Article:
WILLIAMSTOWN -- The $170 million campus expansion project at the Clark Art Institute is about to hit another milestone: Due to the work, all the museum's galleries will be closed between Sept. 9 and 22 -- a rarity for the regional art institution that opened in 1955.
Significant progress has been made in the construction of a new visitors center and the renovation of the original museum building. Now the project is about to move into the Manton Research Center for renovation and repurposing.
As a result, the five-year-old Stone Hill Center, just up the hill from the main campus, will be the institute's primary gallery space until the expansion project is completed in the summer of 2014. But between the closing of the galleries in the Manton building and the installation of new shows in the Stone Hill Center, there will be no open exhibitions.
"From the time of the [museum] opening in 1955, it was common practice for the Clark to close for several weeks each winter," said Vicki Saltzman, director of communications for the Clark. "So, the 12-day closure in September is merely a brief hiatus while we transition between gallery spaces."
According to information released by the Clark, selections from its permanent collection will be temporarily relocated to galleries in the Stone Hill Center and will be the focus of a series of exhibitions.
First up will be three installations with thematically related pieces from the collection, which opens at Stone Hill Center on Sept. 21.
They are "Sacred and Profane: Four Hundred Years of Religious and Mythological Paintings," "Land, Sea, and Sky: The Natural World in Art 1600-1900," and "Face Time: Portraits and Figures in Paintings and Sculpture"
The shows will include work by Pierre-Auguste Renoir, John Singer Sargent, Piero della Francesca, Claude Monet and George Inness.
"We've reached the most complex -- and most exciting -- part of our campus expansion program," said Michael Conforti, director of the Clark, in a statement. "We will soon begin construction of the new Works on Paper Study Center and galleries, as well as the renovation of our public lobby spaces in the Manton Research Center. As construction moves into these spaces, the Clark will focus its attention on the galleries of our Stone Hill Center to provide our visitors with the continued opportunity of enjoying many of the works in our collection."
The Stone Hill Center was the first phase of the expansion. Completed in 2008 on the southern side of the 140-acre campus, it is typically used for smaller, specialized installations during the summer and early autumn.
"While these [Stone Hill] spaces provide a smaller setting, our curatorial team has risen to the challenge of creating intimate shows that we hope will provide a fresh perspective on some of the most beloved works in our collection," Conforti said.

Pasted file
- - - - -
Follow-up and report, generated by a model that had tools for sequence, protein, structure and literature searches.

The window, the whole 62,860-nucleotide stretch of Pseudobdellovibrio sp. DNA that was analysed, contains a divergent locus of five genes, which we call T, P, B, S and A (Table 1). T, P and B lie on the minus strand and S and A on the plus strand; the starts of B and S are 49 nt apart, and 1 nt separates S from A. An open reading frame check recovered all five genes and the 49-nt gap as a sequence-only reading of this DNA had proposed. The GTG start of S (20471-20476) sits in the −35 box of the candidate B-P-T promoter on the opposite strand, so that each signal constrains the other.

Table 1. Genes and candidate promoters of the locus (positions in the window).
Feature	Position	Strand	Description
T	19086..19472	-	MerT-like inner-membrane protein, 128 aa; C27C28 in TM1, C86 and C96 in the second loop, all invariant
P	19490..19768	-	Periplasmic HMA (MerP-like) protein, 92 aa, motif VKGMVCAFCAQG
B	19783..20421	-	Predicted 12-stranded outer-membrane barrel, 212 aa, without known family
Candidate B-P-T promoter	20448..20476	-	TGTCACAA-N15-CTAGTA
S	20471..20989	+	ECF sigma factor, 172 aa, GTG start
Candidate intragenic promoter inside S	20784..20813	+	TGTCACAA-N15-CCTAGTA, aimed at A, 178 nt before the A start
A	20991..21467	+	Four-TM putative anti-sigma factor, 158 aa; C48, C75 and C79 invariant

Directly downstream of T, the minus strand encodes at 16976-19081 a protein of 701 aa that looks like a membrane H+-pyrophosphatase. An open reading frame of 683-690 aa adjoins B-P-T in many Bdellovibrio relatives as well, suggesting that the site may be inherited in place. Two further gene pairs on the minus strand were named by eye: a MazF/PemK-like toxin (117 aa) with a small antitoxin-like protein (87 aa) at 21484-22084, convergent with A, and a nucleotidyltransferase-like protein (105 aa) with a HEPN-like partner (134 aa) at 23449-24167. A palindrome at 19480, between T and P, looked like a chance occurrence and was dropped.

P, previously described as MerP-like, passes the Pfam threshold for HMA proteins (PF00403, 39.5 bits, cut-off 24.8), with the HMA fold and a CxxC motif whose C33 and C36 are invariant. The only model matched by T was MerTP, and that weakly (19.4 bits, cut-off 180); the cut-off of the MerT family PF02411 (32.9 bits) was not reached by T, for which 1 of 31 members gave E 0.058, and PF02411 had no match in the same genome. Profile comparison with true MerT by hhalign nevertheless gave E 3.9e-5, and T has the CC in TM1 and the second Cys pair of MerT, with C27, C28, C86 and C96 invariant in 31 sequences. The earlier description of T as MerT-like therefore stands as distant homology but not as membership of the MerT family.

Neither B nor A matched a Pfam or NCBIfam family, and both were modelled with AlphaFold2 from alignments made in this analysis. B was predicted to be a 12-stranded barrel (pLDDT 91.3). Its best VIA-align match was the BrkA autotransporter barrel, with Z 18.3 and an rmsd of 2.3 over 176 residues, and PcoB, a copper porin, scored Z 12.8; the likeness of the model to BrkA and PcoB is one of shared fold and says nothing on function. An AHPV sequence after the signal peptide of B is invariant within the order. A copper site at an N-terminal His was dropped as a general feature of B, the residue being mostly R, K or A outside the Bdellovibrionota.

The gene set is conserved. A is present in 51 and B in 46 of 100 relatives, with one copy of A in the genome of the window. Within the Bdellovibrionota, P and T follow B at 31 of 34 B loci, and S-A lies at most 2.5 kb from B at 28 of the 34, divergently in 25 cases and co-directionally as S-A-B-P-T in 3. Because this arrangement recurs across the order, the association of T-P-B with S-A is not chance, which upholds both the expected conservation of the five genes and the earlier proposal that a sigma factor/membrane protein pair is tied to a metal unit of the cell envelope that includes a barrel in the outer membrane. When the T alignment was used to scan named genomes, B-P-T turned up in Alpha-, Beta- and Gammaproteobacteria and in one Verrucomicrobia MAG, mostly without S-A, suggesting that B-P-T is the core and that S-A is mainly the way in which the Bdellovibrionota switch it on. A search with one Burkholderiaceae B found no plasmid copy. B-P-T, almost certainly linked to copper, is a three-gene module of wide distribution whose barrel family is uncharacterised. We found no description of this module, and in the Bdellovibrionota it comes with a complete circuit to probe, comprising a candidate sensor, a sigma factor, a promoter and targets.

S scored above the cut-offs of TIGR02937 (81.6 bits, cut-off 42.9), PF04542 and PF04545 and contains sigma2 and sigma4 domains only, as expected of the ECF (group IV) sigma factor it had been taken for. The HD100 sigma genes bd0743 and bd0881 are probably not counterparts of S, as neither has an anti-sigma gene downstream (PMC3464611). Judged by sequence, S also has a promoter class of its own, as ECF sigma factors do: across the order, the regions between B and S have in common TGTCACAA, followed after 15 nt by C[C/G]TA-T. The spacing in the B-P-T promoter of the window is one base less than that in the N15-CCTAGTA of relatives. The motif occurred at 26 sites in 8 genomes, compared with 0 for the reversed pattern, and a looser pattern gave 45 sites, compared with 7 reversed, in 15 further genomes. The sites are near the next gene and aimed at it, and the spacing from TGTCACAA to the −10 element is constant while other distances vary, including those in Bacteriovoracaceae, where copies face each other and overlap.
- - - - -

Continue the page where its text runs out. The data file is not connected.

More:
The second phase of the expansion project -- an underground infrastructure, security and shipping/receiving dock -- was completed in 2011.
The final phase includes construction of the 44,400-square-foot visitor and exhibition center, which features glass walls that bring light into the building and allows visitors to better connect with the natural surroundings.
It also includes a total renovation of the original museum building as well as the Manton Research Center, which was built in the 1970s. The installation of new landscaping includes a 1.5-acre reflecting pool adjacent to the new visitors center.
The project will allow the Clark to utilize the Manton Research Center more specifically for research and education, as well as allow the public more access to the institute's extensive collection of prints and etchings, Saltzman said.
But for now, adjustments have to be made to allow the project to continue.
"It's a huge project, and at some point you have to move out of the way of construction," Saltzman said.
The staff has had to be nimble throughout the process, as much of the institute's office space has been temporarily relocated, and some will likely be relocated again before all is finished, she added.
But the institute's focus on research and exhibition continues unabated, Saltzman said.
"All along our goal has been to exhibit as much of our collection as we can," she said. "The fun of it has been the creative challenge and the use of different philosophies on how you show art."
Figures provided by the Clark show an average annual attendance of about 200,000 people.
According to the results of an EDM economic impact study released late last year, the campus expansion project is generating 523 new construction jobs with an economic impact on Massachusetts labor income of $20.7 million.
Other conclusions indicate that local and state tax revenues will increase by $992,000 per year during construction and $529,000 per year after construction is completed.
And after completion, the expanded museum and research center is likely to generate an additional 80 jobs related to the tourism industry.